For example, an Exchange Traded Fund might try to replicate the performance of the NIFTY, by investing in all the 50 stocks that comprise the NIFTY - in proportions equal to the weightage of those stocks in the index.
Similar to a Mutual Fund, an Exchange Traded Fund is an investment vehicle that pools money from a large number of investors and aims to generate returns at par with the benchmark it is tracking.
1. ETFs can be bought and sold throughout the trading day just like any individual stock. The applicable price would be the price prevailing at the time of the trade. This is in sharp contrast to Index Mutual Funds where subscriptions and redemptions are effected at the closing Net Asset Value (NAV).
2. When buying and selling ETFs, you have to pay applicable brokerage that you'd pay on any regular order.
3. ETFs do not carry any entry or exit load that are the characteristics of mutual funds.
Exchange Traded Funds are cash market products.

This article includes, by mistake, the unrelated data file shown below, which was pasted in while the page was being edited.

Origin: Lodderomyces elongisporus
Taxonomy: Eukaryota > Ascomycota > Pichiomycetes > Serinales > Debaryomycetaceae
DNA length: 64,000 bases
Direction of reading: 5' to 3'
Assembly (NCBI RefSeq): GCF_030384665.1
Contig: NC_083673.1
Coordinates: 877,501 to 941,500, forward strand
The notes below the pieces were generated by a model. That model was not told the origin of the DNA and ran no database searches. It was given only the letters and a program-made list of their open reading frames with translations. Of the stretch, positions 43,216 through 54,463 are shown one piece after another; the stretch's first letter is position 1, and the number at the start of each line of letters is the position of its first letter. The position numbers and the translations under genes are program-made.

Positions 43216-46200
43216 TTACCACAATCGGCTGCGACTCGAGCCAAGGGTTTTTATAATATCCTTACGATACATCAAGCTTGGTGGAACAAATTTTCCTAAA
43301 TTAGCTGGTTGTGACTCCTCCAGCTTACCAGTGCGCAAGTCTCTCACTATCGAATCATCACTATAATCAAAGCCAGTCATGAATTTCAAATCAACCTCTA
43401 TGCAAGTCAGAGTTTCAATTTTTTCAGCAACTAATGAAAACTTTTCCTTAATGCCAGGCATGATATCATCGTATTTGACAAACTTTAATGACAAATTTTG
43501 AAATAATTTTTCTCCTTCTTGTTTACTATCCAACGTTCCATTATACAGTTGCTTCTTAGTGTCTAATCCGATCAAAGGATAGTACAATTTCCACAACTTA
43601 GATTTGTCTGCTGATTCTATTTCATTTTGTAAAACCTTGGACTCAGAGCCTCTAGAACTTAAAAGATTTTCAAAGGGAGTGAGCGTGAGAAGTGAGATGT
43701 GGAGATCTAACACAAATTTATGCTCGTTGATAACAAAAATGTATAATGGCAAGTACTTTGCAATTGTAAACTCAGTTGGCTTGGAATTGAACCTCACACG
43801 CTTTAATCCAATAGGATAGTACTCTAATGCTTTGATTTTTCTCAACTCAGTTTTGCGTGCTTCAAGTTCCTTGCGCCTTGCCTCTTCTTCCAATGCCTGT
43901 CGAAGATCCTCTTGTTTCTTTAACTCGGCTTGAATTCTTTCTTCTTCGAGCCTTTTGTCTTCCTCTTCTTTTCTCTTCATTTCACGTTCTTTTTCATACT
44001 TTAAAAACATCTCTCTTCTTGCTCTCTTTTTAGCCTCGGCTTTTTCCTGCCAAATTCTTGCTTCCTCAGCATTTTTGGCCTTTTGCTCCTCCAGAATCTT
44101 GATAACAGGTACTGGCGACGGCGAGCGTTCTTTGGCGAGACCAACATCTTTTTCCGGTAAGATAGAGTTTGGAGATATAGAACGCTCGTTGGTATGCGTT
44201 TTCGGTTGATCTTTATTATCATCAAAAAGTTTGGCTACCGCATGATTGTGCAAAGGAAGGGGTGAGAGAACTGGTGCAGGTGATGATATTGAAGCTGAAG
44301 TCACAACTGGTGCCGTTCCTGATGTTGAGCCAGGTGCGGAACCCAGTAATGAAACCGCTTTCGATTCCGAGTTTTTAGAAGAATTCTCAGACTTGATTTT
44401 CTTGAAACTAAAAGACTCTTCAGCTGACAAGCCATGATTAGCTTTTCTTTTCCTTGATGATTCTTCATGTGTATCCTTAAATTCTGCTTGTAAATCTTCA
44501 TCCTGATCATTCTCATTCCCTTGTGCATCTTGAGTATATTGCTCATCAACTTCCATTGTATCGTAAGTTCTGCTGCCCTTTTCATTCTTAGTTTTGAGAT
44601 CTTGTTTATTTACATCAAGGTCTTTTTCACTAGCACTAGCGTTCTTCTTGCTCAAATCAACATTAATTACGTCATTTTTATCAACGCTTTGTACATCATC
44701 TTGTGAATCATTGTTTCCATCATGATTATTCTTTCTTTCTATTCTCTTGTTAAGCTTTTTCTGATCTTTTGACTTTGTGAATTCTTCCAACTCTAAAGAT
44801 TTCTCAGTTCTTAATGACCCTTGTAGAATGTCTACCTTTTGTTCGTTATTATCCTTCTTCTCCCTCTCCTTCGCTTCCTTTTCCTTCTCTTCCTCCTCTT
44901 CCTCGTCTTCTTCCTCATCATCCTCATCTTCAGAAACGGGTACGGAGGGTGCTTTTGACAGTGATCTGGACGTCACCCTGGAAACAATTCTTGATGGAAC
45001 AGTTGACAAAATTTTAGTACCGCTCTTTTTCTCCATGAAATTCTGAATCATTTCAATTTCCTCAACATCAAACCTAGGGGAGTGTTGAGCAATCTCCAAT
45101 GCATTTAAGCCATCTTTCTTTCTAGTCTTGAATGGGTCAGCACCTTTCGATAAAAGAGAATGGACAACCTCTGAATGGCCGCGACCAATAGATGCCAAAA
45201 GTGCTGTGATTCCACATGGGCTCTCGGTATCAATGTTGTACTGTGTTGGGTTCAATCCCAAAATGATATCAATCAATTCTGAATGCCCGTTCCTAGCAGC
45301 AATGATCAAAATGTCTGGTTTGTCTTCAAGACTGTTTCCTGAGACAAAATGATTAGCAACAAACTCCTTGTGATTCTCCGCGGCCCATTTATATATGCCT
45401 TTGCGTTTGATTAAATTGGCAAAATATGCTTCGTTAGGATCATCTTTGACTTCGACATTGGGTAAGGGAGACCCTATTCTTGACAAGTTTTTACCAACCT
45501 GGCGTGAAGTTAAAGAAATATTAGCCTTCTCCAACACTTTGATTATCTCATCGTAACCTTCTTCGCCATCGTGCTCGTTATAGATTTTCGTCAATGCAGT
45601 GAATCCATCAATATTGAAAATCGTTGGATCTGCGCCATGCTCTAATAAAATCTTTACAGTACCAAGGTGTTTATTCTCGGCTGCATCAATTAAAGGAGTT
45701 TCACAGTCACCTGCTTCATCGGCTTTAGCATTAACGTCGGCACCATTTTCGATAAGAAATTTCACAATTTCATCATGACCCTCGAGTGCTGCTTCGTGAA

The following are some of the benefits of investing in an Exchange Traded Fund.
1. Trading in ETFs is similar to buying/selling shares in the stock market. To buy or sell an ETF you can either give your broker a call or simply place an order online through your trading account.
2. Since Index ETF's track the performance of an Index - broad-market or sectoral, an investor can achieve the benefits of diversification by investing in a single ETF.
3. Since ETF's merely track an index or commodity, they have lower investment and management cost (amounts paid to fund managers) than an exchange traded Mutual Fund. This cost reduction is passed on the investor.
4. Similar to shares, ETF's can also be short-sold.